When starting a home bakery you need to bear in mind, first of all, that baking bread, cake, pie or cookies for a special occasion can be great fun. But to make money in a home baking business you have to bake your specialty many times a week, over and over again. In other words, you must first come to grips with the fact that “commercial” baking is work, good and lucrative work, but quite different from once-in-a-while party baking.
Starting a home bakery business is relatively easy. Let’s say your specialty is a delicious, rich cheesecake. The first step, before soliciting one order, is to figure out exactly how much one cake costs you. This means calculating every ingredient, including the fraction of a pound of butter you use to grease your cake pan and the cost of power to bake your cake. Breaking costs down to the price per egg and the price per cup of flour is more complicated than it seems at first. And once you’ve figured the exact cost of all the ingredients you’ll probably be surprised to find out how expensive your cake has been, not counting your labor. Now take the cost you’ve arrived at and double it. That will be your selling price. Don’t be shocked to discover that your selling price for one cheesecake could be as high as $6 or more, and don’t be discouraged. People expect to pay more for homemade baked goods because there is just no commercial product that can compare.
Your objective in selling your baked goods is to line up as many regular customers as possible. This means your primary effort should be directed to local restaurants, delicatessens and small groceries. The idea here is to line up customers who will take a weekly quantity of your product, as opposed to individuals who buy one cake at a time for a special occasion. Once you’ve established your “institutional” buyers then there will be time to think about advertising for direct sales to consumers.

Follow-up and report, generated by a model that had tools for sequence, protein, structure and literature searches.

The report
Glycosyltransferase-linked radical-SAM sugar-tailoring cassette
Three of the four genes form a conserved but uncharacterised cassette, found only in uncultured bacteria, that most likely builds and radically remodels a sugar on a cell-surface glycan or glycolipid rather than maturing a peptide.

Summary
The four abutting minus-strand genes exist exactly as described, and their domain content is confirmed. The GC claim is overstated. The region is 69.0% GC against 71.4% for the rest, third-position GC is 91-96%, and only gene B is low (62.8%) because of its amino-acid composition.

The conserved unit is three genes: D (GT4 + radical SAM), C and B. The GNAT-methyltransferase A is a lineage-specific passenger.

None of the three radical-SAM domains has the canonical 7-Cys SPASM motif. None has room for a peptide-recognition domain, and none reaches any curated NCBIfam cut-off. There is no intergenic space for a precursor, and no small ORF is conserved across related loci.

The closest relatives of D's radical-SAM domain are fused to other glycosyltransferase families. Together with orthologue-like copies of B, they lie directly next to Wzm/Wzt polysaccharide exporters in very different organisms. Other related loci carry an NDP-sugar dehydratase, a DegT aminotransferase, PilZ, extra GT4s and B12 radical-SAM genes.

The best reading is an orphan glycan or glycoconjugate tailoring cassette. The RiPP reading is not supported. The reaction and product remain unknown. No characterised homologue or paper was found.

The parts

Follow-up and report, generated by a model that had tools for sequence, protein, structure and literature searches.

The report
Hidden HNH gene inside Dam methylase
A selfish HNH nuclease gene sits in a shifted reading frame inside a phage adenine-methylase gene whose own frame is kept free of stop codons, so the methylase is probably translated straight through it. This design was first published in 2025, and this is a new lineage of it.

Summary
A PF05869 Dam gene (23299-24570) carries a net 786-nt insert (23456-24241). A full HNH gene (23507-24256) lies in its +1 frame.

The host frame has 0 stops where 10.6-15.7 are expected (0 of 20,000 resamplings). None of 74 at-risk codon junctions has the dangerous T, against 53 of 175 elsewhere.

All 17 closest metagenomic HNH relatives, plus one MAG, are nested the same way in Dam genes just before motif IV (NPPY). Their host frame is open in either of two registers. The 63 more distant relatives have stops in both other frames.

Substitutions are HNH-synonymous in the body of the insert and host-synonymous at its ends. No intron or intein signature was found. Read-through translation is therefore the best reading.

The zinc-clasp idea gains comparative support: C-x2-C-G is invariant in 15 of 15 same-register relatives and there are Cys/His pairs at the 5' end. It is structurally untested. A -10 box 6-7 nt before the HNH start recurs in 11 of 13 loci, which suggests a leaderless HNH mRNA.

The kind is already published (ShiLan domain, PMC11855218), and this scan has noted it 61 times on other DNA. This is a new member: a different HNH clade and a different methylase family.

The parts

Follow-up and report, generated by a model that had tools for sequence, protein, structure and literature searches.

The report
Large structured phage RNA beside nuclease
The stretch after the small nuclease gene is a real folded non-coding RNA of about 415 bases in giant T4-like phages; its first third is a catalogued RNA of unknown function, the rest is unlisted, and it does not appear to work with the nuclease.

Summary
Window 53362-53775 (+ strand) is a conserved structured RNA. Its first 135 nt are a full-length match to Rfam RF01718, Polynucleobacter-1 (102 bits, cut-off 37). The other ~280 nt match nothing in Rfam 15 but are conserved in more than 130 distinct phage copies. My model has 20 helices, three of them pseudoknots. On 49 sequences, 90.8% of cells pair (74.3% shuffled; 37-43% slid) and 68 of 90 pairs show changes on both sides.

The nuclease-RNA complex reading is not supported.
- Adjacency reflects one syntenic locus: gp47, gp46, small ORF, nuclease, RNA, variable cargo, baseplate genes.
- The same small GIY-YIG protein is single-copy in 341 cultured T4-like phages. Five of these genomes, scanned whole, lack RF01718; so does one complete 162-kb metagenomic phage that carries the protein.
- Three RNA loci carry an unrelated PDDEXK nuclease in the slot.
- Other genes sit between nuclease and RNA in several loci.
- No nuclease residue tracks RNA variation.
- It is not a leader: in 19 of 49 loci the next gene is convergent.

Visit restaurants and stores with your samples in hand. You will get more attention from the owner of the establishment if you visit during the quieter hours of the day (not at mealtime). Offer to leave one of your products as a test. If your cake is as good as you’ve been told by family and friends you should get a large order when you call back in a few days. Once your baked product has become a regular feature in several outlets, the biggest problem you’ll probably be facing is how to keep up with the demand.
At some point you will have to come to a decision about how large you want your business to be. The danger, of course, is the loss of home-baked quality. Don’t be tempted to “cheat” on the ingredients, even slightly, because discerning customers will catch on soon enough.
With a modest start in your own kitchen, using the cost structure outlined above, you should be able to earn $100 a week or more after paying for ingredients. When you get to the point of adding commercial ovens and a staff of helpers your income could jump to $800 a week or more.
A final suggestion: Stick to baked goods you know are proven winners. If your specialty is a melt-in-your-mouth chocolate layer cake, don’t assume that anything you turn out of your oven will be an automatic best seller. Venture into related baked goods cautiously and only after careful taste-testing.